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BOC01
October 24, 2015
10/24/2015 1:10:00 PM - 10/24/2015 3:10:00 PM
Room Upper 4
Resting-State Brain Functional Connectivity Changes Associated With Cognitive Outcomes Following Cardiac Surgery
Jeffrey N. Browndyke, Ph.D., Todd Harshbarger, Ph.D., Tiffany Bisanar, R.N., John H. Alexander, M.D., Yanne Toulgoat-Dubois, B.A., Miles Berger, M.D.,Ph.D., William D. White, M.P.H., Mark F. Newman, M.D., Joseph P. Mathew, M.D.
Duke University Medical Center, Durham, North Carolina , United States
Disclosures:  J.N. Browndyke: None. T. Harshbarger: None. T. Bisanar: None. J.H. Alexander: None. Y. Toulgoat-Dubois: None. M. Berger: None. W.D. White: None. M.F. Newman:
Introduction: Postoperative cognitive dysfunction (POCD) is a post-acute cognitive syndrome observed in some patients after surgical procedures. POCD is present in about a third of patients at 6 weeks after cardiac surgery and is associated with a reduced quality of life.(1,2) Despite notable incidence rates and POCD being a possible risk factor for late-life dementia,(3) little is known about the functional neuroanatomical substrates underlying the syndrome. In the first study of its kind, we present an investigation of the relationship between POCD and functional brain organization in a group of cardiac surgical patients and a well-matched group of non-surgical cardiac controls.

Methods: Following Institutional Review Board approval, patients undergoing cardiac surgery with cardiopulmonary bypass and non-surgical patients with cardiovascular disease (control group) were prospectively enrolled. Participants were administered a battery of standardized neuropsychological tests tapping multiple cognitive domains and functions at baseline and 6 weeks. The magnitude of global cognitive postoperative change from baseline was expressed as the mean of reliable change indices (RCI) for all test variables. 3D FSPGR structural and SENSE spiral-in functional imaging data were acquired at 3 Tesla on a GE MR750 MRI magnet at baseline and 6 weeks. BOLD signal artifacts, linear drift, cardiac/pulse and respiratory signals, signal in white matter and CSF, as well as movement, were excluded from the functional data. Participants ’ global cognitive change score and post-processed resting state fMRI data were entered into a voxel-wise intrinsic connectivity regression model with additional subject-level age and education regressors; cluster p-FWE<0.05 was considered significant.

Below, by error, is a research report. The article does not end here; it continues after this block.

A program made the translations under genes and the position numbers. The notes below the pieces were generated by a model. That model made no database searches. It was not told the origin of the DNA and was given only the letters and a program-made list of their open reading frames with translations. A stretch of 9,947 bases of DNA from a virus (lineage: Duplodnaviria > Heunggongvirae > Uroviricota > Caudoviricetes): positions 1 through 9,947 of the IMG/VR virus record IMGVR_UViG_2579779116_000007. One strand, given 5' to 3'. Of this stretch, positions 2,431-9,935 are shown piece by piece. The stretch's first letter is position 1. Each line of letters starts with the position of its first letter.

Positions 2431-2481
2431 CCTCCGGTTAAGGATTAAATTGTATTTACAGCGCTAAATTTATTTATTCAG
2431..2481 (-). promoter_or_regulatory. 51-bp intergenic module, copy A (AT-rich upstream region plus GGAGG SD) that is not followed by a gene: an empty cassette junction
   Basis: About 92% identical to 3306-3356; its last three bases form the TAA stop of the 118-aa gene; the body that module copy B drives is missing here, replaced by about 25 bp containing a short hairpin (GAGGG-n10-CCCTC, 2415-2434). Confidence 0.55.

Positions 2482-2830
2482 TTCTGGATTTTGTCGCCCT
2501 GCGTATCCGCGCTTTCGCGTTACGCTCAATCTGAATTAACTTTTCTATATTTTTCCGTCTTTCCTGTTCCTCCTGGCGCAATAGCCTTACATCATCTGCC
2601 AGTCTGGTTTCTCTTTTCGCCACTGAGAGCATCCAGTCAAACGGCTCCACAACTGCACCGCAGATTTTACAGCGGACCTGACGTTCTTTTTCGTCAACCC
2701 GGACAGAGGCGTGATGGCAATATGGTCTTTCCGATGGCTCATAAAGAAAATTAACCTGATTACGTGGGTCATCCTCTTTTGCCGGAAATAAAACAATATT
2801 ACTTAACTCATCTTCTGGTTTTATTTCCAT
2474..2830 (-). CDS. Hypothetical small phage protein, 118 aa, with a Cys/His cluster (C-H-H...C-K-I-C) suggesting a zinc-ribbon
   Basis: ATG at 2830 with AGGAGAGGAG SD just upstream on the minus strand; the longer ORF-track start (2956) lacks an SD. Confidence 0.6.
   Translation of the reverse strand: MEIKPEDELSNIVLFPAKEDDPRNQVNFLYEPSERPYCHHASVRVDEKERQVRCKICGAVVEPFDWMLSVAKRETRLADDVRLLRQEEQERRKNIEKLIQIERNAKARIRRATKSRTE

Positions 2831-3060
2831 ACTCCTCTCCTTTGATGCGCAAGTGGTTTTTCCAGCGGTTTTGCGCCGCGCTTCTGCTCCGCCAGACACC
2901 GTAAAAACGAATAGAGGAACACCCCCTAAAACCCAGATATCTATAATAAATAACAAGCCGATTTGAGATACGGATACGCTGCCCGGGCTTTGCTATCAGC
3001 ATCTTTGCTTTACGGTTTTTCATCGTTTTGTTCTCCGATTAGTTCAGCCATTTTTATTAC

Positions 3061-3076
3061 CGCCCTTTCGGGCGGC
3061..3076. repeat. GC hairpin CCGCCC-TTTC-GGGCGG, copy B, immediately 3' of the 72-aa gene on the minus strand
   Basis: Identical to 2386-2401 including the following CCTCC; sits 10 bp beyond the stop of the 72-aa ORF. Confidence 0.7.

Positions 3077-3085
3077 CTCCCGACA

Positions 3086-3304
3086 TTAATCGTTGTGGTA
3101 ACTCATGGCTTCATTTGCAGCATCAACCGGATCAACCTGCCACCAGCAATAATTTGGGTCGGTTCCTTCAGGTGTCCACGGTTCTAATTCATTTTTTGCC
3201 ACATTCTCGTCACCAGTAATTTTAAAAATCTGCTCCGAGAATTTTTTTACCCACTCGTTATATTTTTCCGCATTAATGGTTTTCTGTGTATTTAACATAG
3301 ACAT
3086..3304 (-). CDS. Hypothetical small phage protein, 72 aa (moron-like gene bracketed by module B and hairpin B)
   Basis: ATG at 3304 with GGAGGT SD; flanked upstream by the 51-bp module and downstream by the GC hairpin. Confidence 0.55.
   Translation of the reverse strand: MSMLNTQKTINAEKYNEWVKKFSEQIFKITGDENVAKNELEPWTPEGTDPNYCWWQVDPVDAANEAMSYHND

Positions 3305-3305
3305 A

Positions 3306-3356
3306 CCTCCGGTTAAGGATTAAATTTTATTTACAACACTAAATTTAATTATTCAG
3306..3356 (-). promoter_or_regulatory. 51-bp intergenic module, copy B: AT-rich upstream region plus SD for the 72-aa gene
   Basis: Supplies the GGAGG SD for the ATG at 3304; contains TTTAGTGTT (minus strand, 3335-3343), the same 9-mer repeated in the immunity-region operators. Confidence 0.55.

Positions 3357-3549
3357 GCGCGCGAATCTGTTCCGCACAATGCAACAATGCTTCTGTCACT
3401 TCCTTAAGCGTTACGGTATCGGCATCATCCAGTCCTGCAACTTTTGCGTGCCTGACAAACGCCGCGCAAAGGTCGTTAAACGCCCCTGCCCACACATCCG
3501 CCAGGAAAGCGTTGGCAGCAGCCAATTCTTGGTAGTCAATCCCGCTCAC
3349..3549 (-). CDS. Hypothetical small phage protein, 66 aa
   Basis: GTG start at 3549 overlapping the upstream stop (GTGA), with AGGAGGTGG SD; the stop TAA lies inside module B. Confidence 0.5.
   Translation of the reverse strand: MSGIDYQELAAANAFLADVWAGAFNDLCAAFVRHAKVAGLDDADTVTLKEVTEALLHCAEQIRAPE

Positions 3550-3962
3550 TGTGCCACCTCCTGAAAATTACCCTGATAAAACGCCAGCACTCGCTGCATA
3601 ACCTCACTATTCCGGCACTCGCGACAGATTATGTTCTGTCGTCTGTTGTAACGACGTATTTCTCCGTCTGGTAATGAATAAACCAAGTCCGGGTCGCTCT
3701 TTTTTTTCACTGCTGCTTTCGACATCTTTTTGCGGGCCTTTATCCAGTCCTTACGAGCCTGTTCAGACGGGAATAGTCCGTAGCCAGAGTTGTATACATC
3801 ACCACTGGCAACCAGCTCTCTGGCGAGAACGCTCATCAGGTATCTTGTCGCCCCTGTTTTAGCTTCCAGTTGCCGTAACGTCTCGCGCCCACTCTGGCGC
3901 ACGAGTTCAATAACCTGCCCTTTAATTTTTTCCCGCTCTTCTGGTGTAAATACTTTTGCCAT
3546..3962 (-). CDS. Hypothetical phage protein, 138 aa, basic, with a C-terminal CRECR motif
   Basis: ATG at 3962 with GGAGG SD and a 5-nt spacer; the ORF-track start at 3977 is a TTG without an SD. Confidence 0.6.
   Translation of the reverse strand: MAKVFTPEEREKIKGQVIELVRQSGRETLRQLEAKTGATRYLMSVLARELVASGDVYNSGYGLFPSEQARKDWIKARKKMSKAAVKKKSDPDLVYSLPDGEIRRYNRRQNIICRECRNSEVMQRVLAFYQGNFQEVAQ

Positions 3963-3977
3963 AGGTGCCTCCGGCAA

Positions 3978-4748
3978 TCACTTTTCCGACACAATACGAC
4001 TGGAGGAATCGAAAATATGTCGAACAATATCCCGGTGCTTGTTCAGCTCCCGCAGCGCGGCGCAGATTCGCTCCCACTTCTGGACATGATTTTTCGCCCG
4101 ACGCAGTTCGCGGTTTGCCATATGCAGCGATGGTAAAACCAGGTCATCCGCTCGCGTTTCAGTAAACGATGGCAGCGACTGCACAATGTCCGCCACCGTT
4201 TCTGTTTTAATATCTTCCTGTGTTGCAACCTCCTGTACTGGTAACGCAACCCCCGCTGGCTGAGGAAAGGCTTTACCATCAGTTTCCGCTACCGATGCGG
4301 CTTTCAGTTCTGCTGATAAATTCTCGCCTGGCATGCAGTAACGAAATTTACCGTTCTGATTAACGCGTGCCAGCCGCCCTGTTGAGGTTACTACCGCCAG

Results: 12 cardiac surgical patients (1 CABG, 10 Valve, 1 CABG + Valve) and 12 control patients were enrolled. No statistical differences were found in participant demographics [Age 69.7 +/- 7.3 vs 70.4 +/- 7.9; Education (yrs): 15.1 +/- 2.1 vs 15.0 +/- 2.9; Sex (M/F) 11/1 vs 8/4] or baseline cognitive variables. Statistically significant positive relationships were found between regions of postoperative change in intrinsic functional connectivity and cognitive outcomes in the posterior cingulate cortex (pCC) and right superior frontal gyrus (rSFG) regions in the cardiac surgical participants (see Figure). There were no significant regions of associated functional connectivity and cognitive change in the non-surgical controls.

Conclusion: POCD severity in cardiac surgical patients is positively associated with the magnitude of postoperative intrinsic functional connectivity decline in the pCC and rSFG with the most robust relationship being found for the pCC region. Our results reveal the pCC and frontal lobe to be important neuroanatomical regions for future investigations of POCD phenomenology and pathophysiology.

References

1. Newman MF, et al. N Engl J Med. 2001; 344:395-402.

2. Phillips-Bute B, et al. Psychosom Med. 2006; 68:369-375.

3. Arora SS, et al. in Int J Neurosci. 2014; 124:236-242.

Figure Legend: A.1 & B.1 - pCC and rSFG postoperative voxel-wise intrinsic functional connectivity change. A.2 & B.2 - Relationship between pCC connectivity and cognition and rSFG connectivity and cognition in surgical patients and controls.
Figure 1

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